These here are my mother, Rifke Feld, nee Friem, my father, Samuel Feld, and my sister, Etel Feld. Judging by her age in this photo, I think it was taken about 80 years ago, in the mid-1920s, in Resita.
My mother was born in Kulikowka, Poland, in 1897, and her native tongue was Yiddish. I think she went to elementary school as a child, but that's all the schooling she had. Of all my mother's siblings, I know only of Eugenia Goldstein, nee Friem, who lived in Resita, Romania, with her family. She moved there some time before World War II, but I don't know the exact year. That's why my mother came to Resita: her family found out that Eugenia was ill, and they wanted to send somebody from the family to take care of her, and that was my mother. She came to Resita in her early twenties, some time at the end of World War I, and she never went back to Poland again, nor did she see her parents again. Her mother died shortly after my mother left for Romania, and her father passed away some time after that. She came by train to Resita, to look after her elder sister Eugenia, and she stayed here for good. My mother told me that the journey to Romania was a nightmare: she came with a train full of soldiers, and, as you can surely imagine, that wasn't easy for a young single woman.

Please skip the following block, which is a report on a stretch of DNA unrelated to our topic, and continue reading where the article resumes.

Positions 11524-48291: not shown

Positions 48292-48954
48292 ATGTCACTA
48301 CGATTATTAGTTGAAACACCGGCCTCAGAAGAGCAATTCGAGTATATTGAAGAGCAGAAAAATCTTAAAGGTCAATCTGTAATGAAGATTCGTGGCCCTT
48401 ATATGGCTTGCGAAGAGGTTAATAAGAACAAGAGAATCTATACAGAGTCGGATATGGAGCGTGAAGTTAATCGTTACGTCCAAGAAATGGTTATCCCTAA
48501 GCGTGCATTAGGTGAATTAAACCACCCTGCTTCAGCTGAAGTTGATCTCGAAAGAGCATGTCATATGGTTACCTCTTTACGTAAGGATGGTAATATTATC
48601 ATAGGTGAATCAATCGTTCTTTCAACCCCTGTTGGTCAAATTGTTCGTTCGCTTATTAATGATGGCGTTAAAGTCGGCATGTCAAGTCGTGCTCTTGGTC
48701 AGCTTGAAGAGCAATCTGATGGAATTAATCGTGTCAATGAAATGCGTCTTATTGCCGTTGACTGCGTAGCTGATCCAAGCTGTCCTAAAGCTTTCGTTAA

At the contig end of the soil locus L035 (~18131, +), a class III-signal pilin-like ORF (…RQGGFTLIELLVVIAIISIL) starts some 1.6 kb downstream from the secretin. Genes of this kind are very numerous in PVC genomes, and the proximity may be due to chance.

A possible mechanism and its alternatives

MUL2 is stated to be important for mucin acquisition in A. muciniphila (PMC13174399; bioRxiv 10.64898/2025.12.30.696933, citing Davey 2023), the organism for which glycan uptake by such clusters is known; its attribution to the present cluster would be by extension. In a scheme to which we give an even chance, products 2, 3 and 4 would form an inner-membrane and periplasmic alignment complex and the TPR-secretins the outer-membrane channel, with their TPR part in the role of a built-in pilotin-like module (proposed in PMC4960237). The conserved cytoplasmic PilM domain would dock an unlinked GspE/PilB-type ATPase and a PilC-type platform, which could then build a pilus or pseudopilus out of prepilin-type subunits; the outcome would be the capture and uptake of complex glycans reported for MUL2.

My father was born in Belchatow, Poland, in 1893, and his native tongue was Yiddish. I believe he graduated from high school. He came to Romania to look for a job when he was a young man, and he ended up in Resita because the town had a strong metallurgy industry. There were many factories and one could find a job as a laborer much easier. And that's what my father did for a living in his first years here. He met my mother in the Jewish circles in Resita, I think. They met, fell in love and got married in 1918. It was a religious wedding, but I don't know if they went to the synagogue or if the rabbi came to their home. It was at the end of the war and times were rather troubled. My parents didn't have Romanian citizenship for a very long time, I think they only received it after World War II: periodically, they had to pay a fee and renew their passports.
In 1920 my mother gave birth too early to a baby boy - she was eighth months pregnant - and he died. After that, in 1921, she gave birth to Etel Feld, my sister. I never got to know her though because she died in 1929 or 1930 of meningitis. My parents were devastated; she had been the joy of their lives. From what my parents told me, she was a very smart girl: she was the first in school, and she always received prizes and so on.